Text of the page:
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Falstaff

I have to say, if your read on WW's overall feel turns out to be accurate, I'm disappointed. I was really hoping that someone at Warner Bros. would have learned a lesson from Suicide Squad -- but as big a hit as it's been overseas, I guess from the U.S. perspective it's still a failure.

I do think Zach Snyder is mostly to blame for all this. Sure, there were some fairly heavy cuts to Batman vs. Superman (including the I'd think essential information, according to one article I read, that the movie picks up bare days after the death of the second Robin, Jason Todd -- possibly referenced via throwaway in Harley Quinn's introduction in Suicide Squad, and boy could *that* have gone somewhere interesting, her recovering from her breakdown and taking responsibility for her part in a teenage boy's death), and sure, some of the reviews of Man of Steel seem a little overly harsh to me (I *liked* Zod and his anti-Merry Men as baddies, but I thought MoS's version of the Kents were terrible, and the movie was, overall, just... boring and sad) but....

Jeez, though. At least Suicide Squad was fun.

I mean, I could go on at length about Alan Moore and his (I feel) incredibly pernicious influence on comics in the '80s -- I won't, because I doubt anyone but me really cares that much, but I will say that while Watchmen and The Dark Knight Returns are brilliant stories in their own right, watching DC trying to capture that lightning in a bottle over and over again in lesser ways, and Snyder trying to apply the same creative lessons to the DCEU films, so that we end up with stories that are basically about dystopia and the uselessness of heroism.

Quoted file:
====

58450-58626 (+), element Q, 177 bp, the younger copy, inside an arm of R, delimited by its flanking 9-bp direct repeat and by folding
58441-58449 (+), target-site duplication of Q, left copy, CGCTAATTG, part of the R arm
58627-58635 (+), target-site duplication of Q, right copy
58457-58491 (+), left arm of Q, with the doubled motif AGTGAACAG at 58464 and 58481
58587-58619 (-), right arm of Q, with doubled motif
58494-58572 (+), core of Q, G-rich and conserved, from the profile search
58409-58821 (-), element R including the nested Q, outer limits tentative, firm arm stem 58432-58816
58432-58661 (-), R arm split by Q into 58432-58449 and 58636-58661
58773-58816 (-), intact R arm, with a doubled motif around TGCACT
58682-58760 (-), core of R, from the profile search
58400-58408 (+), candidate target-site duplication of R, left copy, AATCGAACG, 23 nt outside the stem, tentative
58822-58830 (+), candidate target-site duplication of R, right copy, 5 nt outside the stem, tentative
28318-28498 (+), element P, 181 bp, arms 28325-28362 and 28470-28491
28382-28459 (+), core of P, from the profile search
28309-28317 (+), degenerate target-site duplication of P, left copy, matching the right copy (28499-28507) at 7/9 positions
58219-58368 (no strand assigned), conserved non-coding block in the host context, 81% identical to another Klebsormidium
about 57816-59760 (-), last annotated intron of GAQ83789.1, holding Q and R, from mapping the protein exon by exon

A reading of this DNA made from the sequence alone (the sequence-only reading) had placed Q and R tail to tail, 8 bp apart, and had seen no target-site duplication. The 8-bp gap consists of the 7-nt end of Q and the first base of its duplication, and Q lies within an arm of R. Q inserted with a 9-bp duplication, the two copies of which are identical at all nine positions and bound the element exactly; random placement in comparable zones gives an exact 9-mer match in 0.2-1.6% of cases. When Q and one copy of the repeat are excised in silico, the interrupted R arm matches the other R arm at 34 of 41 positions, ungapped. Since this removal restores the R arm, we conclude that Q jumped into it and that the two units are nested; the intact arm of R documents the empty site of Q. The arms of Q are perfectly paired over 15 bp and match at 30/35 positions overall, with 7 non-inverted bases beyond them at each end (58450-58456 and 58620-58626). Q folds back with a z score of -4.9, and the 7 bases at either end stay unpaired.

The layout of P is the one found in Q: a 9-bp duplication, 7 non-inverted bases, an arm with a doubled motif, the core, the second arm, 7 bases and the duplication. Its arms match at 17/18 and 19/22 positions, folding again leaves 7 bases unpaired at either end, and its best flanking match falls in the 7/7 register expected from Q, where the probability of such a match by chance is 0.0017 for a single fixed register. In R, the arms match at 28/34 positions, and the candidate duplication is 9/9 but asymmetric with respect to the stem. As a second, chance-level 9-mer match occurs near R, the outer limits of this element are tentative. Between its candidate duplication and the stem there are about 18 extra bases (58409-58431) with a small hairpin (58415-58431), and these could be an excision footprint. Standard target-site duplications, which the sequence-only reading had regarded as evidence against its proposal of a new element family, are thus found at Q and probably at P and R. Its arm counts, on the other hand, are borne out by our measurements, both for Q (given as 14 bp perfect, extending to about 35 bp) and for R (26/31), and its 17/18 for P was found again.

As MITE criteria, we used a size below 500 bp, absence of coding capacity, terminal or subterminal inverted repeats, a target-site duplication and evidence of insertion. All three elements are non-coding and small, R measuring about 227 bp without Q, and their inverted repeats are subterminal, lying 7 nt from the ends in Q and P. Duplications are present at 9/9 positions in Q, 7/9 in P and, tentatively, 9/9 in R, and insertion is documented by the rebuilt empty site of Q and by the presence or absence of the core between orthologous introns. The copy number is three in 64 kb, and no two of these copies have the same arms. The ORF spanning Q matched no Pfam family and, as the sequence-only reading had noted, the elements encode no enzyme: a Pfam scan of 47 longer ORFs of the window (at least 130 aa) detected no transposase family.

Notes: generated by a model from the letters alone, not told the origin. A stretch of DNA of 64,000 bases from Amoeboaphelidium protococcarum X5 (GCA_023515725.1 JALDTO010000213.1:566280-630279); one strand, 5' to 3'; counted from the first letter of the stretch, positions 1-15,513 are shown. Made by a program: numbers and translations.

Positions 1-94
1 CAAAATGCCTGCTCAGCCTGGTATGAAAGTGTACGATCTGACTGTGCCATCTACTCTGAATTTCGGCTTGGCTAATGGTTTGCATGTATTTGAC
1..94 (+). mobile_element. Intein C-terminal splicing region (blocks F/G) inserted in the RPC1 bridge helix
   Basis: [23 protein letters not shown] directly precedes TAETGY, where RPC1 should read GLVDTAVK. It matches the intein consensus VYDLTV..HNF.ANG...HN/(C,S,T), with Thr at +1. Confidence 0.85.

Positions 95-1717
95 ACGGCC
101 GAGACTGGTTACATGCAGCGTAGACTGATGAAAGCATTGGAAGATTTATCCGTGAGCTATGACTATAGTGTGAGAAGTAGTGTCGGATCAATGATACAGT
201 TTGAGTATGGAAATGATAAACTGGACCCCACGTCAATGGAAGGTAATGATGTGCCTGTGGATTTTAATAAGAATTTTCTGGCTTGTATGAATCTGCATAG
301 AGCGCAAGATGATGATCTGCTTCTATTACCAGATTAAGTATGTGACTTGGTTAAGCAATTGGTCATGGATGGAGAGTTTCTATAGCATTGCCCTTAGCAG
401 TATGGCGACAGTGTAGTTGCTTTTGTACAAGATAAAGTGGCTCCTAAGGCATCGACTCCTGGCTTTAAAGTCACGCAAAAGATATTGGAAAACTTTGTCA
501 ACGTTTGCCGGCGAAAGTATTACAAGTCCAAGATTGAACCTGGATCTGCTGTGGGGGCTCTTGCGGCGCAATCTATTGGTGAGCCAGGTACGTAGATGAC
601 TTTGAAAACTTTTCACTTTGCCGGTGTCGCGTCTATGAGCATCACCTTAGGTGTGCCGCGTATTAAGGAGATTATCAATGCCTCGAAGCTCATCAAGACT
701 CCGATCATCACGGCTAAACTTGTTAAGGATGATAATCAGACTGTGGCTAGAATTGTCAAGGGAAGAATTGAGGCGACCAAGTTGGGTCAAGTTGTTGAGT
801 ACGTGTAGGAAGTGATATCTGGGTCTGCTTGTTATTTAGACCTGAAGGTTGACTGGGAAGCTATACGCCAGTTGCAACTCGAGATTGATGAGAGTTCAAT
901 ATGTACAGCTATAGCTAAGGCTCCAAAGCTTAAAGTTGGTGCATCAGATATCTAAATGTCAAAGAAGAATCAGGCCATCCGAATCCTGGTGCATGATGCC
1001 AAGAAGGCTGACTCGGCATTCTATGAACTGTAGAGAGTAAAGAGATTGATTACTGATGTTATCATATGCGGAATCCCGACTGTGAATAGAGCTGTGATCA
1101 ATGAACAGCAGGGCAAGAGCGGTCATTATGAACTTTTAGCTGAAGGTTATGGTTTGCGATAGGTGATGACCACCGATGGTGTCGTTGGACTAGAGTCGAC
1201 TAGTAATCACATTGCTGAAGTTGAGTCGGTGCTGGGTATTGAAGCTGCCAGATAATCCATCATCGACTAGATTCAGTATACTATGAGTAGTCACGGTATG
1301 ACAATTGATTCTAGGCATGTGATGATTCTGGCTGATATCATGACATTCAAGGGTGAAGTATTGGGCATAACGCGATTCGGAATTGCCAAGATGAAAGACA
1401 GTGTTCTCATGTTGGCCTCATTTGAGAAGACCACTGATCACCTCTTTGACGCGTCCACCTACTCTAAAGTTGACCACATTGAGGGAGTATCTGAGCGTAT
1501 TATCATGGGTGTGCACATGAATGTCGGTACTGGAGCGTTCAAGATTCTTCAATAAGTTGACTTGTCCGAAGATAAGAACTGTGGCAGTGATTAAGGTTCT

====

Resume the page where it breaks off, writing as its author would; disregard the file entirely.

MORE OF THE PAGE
Which, you know. Kind of antithetical if you're trying to sell people movies about superheroes.

(Seriously, don't get me started about Alan Moore. Watchmen is one of my favorite graphic novels; I love the film, but... man, there is so much wrong with the way that guy's mind works.)

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